Amadou Sanogo

Amadou Sanogo
Amadou Sanogo, Le Monde Journalistique, 2011

It is important that Amadou Sanogo’s paintings have no frames. He makes his canvases from lengths of workaday cloth bought in the local market, choosing not to stretch them or present them within the enclosure of a frame. This conscious distancing of his work from the Western conventions of painting speaks of his desire to identify those points of difference and similarity between the past and the present, traditional and contemporary culture, and the role of young people within this culture. The subject matter of his paintings scrutinises national and international politics, journalism and the justice system. Sanogo follows the news closely on TV5 Monde, online and in the press, and gathers images of presidents, newsreaders, and other public figures who have been corrupted by power, rendering them in powerfully expressive paint. This method of seeking his subject matter through television stems back to his earliest experience of drawing outside a television shop in his home town of Ségou, Mali.


Born in 1977 in Ségou, Mali. Lives and works in Bamako, Mali.

Studied Fine Art at Bamako’s prestigious Institut National des Arts (l’INA) and Institut des Arts Plastiques.

Shows include Museos y Modernidad en Transito, at the Museo de America, Madrid, Spain, 2012; Le Trait, the Centre Culturel Français de Bamako, Mali, 2011; Au dela du cadre, the artist’s house, Bamako, Mali, 2010; Fiches d’identification, itinerant exhibition in different neighborhoods in Bamako, Mali, 2009 (during 9th Rencontres de Bamako: Biennale Africaine de la Photographie, Bamako, Mali, 2011); Terrains vagues, Quartier Orange, Bamako, Mali, 2009.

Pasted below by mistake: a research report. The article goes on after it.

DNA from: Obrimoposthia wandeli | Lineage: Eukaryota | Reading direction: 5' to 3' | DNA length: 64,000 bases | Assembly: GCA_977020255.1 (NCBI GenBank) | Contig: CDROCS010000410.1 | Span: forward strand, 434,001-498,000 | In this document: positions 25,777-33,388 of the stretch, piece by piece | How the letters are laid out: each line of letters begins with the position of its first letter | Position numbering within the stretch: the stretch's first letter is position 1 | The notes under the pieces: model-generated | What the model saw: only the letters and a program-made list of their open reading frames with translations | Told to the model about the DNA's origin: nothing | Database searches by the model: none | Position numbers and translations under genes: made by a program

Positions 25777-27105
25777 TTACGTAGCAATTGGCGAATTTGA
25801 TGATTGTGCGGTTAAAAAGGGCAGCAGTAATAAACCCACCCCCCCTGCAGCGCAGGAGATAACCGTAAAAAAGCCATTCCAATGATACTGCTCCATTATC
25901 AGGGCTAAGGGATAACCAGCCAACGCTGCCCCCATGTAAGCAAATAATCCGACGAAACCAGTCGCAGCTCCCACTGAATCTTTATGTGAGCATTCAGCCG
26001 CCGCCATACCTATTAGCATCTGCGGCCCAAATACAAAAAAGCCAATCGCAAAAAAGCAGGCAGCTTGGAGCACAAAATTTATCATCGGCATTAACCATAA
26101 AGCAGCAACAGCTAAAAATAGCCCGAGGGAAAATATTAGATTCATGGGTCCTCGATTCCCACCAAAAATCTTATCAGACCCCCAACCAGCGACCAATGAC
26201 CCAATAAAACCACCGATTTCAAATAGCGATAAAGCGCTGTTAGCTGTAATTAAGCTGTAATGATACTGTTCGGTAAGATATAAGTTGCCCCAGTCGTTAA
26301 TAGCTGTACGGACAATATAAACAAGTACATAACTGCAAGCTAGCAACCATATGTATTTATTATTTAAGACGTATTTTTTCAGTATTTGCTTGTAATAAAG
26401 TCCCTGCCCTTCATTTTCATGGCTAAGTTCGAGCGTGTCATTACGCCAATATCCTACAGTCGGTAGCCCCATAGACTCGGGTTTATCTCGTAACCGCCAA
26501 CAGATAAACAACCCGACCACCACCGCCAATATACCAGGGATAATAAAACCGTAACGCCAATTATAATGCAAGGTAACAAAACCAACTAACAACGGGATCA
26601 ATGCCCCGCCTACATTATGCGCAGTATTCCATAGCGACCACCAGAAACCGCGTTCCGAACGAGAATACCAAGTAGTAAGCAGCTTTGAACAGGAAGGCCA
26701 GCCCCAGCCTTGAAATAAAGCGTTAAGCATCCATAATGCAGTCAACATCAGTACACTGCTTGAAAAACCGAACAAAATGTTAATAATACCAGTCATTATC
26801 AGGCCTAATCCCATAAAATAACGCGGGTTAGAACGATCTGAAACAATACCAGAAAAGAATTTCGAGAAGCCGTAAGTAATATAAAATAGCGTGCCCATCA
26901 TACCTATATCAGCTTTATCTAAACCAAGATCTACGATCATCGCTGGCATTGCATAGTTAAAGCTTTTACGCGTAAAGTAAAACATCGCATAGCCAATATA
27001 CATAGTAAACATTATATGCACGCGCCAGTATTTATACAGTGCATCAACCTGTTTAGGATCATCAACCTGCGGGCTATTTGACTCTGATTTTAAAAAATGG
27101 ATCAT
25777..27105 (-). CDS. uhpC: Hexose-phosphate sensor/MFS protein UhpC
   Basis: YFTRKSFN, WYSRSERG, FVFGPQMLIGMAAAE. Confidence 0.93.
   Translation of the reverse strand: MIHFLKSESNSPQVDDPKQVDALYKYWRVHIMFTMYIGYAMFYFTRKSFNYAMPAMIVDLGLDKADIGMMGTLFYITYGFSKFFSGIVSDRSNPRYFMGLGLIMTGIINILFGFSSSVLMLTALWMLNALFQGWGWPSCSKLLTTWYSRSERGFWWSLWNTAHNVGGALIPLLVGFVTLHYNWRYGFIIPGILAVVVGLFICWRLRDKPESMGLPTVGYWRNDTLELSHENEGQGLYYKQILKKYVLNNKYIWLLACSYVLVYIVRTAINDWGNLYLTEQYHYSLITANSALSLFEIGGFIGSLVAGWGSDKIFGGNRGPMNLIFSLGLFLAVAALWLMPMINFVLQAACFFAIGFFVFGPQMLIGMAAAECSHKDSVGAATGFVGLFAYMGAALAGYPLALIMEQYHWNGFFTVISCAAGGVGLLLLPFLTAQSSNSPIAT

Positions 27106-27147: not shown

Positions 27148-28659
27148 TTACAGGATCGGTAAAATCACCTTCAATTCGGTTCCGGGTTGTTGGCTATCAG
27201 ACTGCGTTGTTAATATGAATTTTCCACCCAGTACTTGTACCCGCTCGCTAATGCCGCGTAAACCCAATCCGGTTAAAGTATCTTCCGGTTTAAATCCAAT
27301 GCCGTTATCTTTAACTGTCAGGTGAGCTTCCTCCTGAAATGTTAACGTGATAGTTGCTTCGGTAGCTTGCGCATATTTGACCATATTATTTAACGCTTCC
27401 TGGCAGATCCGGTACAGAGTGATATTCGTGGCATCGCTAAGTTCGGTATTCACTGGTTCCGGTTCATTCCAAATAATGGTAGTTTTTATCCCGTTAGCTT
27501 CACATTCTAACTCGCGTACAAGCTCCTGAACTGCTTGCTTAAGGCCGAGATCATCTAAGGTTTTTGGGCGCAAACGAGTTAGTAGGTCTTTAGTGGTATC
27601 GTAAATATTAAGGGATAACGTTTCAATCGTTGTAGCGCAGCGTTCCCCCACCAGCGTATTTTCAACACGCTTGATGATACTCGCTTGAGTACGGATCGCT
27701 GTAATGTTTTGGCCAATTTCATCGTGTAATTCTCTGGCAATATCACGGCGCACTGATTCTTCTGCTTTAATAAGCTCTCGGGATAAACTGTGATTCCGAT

He took part in a residency at MC2a in Bordeaux, France in 2010.

Works in the Show

Les Derniers bains de foule, 2011

Acrylic on canvas

158.5 x 155cm

Photograph – Courtesy of the Artist

Le Regard des Cons Permanents, 2011

Acrylic on canvas

170 x 290cm

Photograph – Courtesy of the Artist

Le Monde Journalistique, 2011

Acrylic on canvas and collage

146 x 197cm

Photograph – Courtesy of the Artist

Le Regard Handicappé, 2011

Acrylic on canvas

152 x 256cm

Photograph – Courtesy of the Artist

Le Juré, 2011

Acrylic on canvas

173 x 112cm

Photograph – Courtesy of the Artist


Martin Barlow, curator of the exhibition Moving Into Space at the National Football Museum talks about the exhibition.

Barthélémy Toguo, Lucy Azubuike and Nnenna Okore, three of the exhibited artists, talk about their work and their interest in using materials which reflect the lifestyle and experience of the people of West Africa.

Twitter (#wefaceforward)

Creative Tourist


Street life, dazzling dress, social commentary and a riot of sensuous colour interweave in a rich assembly of West African art, writes Charles Gore in the Times Higher Education

Nine countries show off their talent as five city venues link up for a summer celebration. Helen Nugent in the Guardian